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The Reality of Collective Intelligence

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The process itself is most often supported by a technical infrastructure of systems, tools and data.  These are transactional in nature and grounded in the capturing of historical events used to predict a future outcome. Collective intelligence in this example is not simply common thinking.  Quite the opposite—it is the uncommon thinking that comes from the respective biases of each function involved in the process—Marketing, Supply Chain, Finance and Sales. Effective collaboration of these different perspectives in interpreting the data and understanding the future can be a competitive advantage for an organization. Best practices in this area are built on the ability to share ideas, discuss and overcome conflicting elements or differences of opinion in order to achieve high performance. In this example collective thinking and strategizing is broader than the leadership of the organization. Bringing the right people together becomes more important than having the best Pedigree or the best idea.

Collective Intelligence is movement—it is fluid, in many cases deliberate, and constantly evolving.  More importantly it fulfills a basic human need. Human beings are social, and throughout history have found ways to share their ideas, work towards common goals, and celebrate the successes of their collaboration. They have overthrown governments, ended wars and distributed enlightenment. The fact that this may be common does not deter from its impact on organizations and communities, policies or social norms. The momentum of holistic thinking against shared values is significant. Its impact is transformational as it defines experiences and outcomes on multiple levels.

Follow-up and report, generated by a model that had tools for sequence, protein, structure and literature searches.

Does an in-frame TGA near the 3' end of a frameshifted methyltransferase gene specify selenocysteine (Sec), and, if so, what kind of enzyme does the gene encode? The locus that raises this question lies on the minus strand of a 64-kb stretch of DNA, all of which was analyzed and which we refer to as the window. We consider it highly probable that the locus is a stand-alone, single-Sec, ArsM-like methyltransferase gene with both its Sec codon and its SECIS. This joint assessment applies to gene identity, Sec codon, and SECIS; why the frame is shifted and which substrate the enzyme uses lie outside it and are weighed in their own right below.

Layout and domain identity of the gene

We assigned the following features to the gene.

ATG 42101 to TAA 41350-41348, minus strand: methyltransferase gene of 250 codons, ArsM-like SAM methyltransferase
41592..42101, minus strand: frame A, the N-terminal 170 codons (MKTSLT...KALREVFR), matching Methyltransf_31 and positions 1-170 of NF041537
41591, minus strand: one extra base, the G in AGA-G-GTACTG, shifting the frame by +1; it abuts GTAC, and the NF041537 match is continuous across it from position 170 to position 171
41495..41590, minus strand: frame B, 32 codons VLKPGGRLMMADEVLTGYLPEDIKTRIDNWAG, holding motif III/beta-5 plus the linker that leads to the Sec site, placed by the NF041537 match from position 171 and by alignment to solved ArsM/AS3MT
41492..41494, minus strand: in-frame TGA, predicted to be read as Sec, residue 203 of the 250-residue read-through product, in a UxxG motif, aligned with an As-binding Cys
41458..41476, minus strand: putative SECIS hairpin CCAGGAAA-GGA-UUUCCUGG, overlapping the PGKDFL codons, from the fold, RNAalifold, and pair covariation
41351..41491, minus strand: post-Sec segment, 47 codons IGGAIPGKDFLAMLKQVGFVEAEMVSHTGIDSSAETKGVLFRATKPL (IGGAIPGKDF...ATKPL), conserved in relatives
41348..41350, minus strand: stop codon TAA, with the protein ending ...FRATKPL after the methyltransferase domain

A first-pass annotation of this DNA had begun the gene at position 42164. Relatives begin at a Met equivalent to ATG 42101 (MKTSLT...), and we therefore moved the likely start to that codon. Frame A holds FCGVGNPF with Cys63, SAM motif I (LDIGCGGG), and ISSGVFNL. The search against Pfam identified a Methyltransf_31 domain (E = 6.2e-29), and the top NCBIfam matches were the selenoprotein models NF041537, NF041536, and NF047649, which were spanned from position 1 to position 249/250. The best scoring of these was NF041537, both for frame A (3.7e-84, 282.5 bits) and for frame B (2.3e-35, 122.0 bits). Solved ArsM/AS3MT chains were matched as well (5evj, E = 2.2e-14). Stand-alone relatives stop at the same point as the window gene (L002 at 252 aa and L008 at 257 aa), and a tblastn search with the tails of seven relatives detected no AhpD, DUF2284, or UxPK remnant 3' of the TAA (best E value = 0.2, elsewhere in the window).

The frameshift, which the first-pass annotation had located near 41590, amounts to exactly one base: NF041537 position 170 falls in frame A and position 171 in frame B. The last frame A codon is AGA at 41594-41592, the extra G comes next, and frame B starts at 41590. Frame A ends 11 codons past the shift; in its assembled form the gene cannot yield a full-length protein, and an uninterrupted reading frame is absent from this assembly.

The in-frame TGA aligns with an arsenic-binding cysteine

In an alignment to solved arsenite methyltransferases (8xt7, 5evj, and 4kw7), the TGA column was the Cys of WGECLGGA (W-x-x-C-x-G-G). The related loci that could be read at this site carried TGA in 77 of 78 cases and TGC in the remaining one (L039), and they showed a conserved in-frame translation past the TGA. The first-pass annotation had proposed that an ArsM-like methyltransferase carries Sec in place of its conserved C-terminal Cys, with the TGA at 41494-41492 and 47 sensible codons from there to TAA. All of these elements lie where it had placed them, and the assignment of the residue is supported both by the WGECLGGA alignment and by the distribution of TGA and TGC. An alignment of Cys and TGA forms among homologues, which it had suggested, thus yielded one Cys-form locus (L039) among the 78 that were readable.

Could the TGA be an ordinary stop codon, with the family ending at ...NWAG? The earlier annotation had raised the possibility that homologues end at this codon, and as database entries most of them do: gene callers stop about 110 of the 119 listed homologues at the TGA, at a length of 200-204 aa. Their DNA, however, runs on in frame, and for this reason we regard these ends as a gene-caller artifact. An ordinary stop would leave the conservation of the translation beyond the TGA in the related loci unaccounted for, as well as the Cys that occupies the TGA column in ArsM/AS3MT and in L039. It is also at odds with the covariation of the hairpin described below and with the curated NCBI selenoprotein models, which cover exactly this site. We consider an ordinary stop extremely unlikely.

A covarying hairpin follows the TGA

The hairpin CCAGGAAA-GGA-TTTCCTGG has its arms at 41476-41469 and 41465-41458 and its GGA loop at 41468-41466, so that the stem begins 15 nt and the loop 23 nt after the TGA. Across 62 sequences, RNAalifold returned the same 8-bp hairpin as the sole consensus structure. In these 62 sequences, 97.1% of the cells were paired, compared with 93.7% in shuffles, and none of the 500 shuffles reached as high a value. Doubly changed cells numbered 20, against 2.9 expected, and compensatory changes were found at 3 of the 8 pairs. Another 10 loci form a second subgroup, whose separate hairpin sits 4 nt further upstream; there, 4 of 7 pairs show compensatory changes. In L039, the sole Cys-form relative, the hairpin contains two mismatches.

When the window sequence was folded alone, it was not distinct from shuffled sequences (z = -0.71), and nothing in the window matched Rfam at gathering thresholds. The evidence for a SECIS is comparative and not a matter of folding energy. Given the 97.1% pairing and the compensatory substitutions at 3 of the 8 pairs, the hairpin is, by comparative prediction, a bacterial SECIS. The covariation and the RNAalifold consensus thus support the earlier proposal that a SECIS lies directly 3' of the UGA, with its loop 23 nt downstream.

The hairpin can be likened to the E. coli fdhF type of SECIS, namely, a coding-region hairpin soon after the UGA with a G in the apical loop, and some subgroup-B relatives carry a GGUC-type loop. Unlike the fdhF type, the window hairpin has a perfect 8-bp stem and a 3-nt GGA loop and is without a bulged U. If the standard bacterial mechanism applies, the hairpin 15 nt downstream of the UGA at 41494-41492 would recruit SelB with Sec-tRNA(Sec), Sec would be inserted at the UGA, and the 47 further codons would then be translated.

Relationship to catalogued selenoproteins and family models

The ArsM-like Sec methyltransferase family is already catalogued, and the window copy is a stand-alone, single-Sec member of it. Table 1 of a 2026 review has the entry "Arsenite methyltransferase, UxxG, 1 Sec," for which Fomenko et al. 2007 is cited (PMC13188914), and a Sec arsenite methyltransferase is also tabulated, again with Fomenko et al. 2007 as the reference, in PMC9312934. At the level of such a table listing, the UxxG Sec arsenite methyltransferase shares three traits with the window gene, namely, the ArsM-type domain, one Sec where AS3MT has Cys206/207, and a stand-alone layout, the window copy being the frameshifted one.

I have experienced it firsthand. My example is in the context of an annual event, which takes place in many cities across Canada, known as the ‘Walk for the Cure”. The goal is to raise funds for important research that will one day cure breast cancer. This is a collective group of strangers—men, women and children coming together with one ultimate goal in mind. I was fortunate to be part of this, not as a walking participant but because of my address at the time. I lived on a street in a community that was part of the designated walking route. In my first year as a member of that community, I experienced the power of this collective movement and how inclusive it was. The street burst with what I will call the Walkers—pink t-shirts, waving hands, smiling faces and cheering voices despite tired feet and aching limbs.  The sidewalk burst with neighbors from blocks away bringing oranges and water bottles, homemade baked goods, and as many high fives and handshakes as there were blades of grass on the walked over lawns. I can only describe it as a pink flurry of harmonious chaos.

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